Excerpt of Absolute Friends by John Le Carre
(Page 4 of 13)
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When he came home to visit the family in Adana, there was a traditional wedding feast, the two farms were declared to be joined, and Zara returned to Munich with her husband, only to discover he was not a computer genius at all, but a fulltime, round-the-clock armed bandit. He was twenty-four, she was seventeen and expecting a child by him.
"It was gang," she declares simply. "All boys were bad crooks. They are crazy. Steal cars, sell drugs, make nightclubs, control prostitutes. They do all bad things. Now he is in prison. If he would not be in prison, my brothers will kill him."
Her husband had been sent to prison nine months ago, but had found time to terrify the wits out of his son and smash his wife's face in before he went. A seven-year sentence, other charges pending. One of the gang turned police witness. Her story continues in a monotonous flow as they walk through the town, now in German, now in snatches of Turkish when her German fails her. Sometimes he wonders whether she knows he is still beside her. Mustafa, she says, when he asks the boy's name. She has asked him nothing about himself. She is carrying the shopping bags and he makes no further attempt to carry them for her. She is wearing blue beads, and he remembers from somewhere far back in his life that for superstitious Muslims blue beads ward off the evil eye. She is sniffing but the tears are no longer rolling down her cheeks. He guesses she has made herself cheer up before meeting someone who mustn't know she has been crying. They are in Munich's Westend, which hardly accords with its elegant London equivalent: drab, prewar apartment houses in old grays and browns; washing hanging out to dry in the windows, kids playing on a patch of molting grass. A boy sees their approach, breaks free of his friends, picks up a rock and advances on them menacingly. Zara calls to him in Turkish.
"What do you want?" the boy yells.
"A piece of your Toblerone, please, Mustafa," Mundy says. The boy stares at him, talks again to his mother, then edges forward, keeping the rock in his right hand while he pokes in the bags with his left. Like his mother, he is gaunt, with shadowed eyes. Like his mother, he seems to have no emotions left.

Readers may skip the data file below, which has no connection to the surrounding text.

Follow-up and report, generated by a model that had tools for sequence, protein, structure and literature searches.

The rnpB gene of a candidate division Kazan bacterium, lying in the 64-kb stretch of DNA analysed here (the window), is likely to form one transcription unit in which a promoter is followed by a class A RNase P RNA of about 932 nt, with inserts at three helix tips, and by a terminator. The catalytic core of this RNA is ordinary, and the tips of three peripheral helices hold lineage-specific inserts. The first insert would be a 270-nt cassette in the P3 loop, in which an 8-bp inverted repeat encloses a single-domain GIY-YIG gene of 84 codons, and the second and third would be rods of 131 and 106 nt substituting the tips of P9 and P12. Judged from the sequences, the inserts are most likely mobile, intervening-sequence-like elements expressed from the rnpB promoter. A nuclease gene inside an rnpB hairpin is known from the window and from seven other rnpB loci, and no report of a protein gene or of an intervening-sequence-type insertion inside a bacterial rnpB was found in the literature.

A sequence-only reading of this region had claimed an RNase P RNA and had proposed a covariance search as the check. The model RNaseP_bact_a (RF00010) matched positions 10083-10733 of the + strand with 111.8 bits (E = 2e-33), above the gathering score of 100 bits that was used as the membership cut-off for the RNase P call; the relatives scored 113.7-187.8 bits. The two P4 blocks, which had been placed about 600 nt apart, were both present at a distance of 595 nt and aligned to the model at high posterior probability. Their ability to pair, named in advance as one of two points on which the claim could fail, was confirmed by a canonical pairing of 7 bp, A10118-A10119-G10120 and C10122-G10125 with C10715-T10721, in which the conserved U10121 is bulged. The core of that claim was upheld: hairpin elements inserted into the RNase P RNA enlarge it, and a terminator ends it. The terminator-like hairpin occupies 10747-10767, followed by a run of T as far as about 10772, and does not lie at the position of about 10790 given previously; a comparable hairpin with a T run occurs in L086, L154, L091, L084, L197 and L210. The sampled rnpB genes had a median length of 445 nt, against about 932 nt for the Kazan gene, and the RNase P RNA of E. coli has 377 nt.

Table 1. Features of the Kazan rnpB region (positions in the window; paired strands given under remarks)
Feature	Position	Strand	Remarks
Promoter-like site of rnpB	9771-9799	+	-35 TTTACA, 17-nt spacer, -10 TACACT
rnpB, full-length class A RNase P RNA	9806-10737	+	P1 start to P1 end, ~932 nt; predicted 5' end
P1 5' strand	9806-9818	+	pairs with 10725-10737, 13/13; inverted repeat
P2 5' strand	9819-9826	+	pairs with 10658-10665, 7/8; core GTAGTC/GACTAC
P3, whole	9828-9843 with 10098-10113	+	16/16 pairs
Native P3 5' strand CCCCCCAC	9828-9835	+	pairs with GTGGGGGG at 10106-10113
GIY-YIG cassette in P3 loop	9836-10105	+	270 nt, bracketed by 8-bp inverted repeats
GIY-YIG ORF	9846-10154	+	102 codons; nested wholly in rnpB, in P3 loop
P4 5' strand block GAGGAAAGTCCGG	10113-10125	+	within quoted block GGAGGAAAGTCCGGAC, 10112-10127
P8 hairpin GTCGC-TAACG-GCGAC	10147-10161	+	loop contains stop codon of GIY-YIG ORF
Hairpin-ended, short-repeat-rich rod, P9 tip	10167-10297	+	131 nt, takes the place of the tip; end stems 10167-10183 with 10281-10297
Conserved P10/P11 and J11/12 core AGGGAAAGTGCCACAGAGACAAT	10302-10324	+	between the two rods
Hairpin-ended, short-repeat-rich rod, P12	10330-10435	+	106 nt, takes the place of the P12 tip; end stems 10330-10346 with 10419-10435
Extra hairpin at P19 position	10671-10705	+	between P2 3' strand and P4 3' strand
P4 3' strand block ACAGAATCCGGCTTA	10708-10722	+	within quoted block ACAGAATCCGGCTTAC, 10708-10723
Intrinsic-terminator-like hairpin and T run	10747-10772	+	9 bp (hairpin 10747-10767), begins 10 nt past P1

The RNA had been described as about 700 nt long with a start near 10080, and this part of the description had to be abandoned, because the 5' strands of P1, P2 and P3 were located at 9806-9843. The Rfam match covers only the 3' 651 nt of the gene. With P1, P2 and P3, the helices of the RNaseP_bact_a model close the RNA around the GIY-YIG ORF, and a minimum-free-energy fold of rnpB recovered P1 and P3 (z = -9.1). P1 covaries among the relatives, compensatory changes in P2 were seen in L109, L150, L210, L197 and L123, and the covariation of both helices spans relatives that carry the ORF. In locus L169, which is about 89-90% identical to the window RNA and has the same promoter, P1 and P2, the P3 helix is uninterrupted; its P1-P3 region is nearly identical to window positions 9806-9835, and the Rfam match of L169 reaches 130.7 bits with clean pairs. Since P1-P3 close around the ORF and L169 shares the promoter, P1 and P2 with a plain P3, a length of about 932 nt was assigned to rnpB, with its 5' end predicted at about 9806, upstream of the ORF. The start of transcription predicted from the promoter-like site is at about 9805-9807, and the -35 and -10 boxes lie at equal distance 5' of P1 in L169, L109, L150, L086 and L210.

"And a cup of apple tea," Mundy adds. "With you and all your friends."
Led by Mustafa, who is by now carrying the bags, and escorted by three stalwart dark-eyed boys, Mundy follows Zara up three flights of grimy stone stairs. They reach a steellined door, Mustafa delves inside his shirt and with a proprietorial air pulls out a door key on a chain. He steps into the house, accompanied by his friends. Zara steps after them. Mundy waits to be invited.
"You will please come in," Mustafa announces in good Bavarian. "You will be most welcome. But if you touch my mother, we shall kill you."
For the next ten weeks Mundy sleeps on Mustafa's sofa bed in the living room with his legs hanging over the end while Mustafa sleeps with his mother, keeping a baseball bat beside him in case Mundy tries anything on. At first Mustafa refuses to go to school, so Mundy takes him to the zoo and plays ball games with him on the molting grass while Zara stays home and lapses gradually into a state of convalescence, which is Mundy's hope. Bit by bit he assumes the role of secular father to a Muslim child and platonic guardian to a traumatized woman in a state of religious shame. The neighbors, initially suspicious of this gangling English intruder who laughs so much, begin to tolerate him, while Mundy for his part does everything he can to separate himself from his country's hated colonialist reputation. For money they use the rest of his seven hundred euros and the pittance that Zara receives from her Turkish family and German social security. In the evenings she likes to cook and Mundy plays kitchen boy to her. At first she objects to this, then grudgingly allows it.
Copyright © 2004 by David Cornwell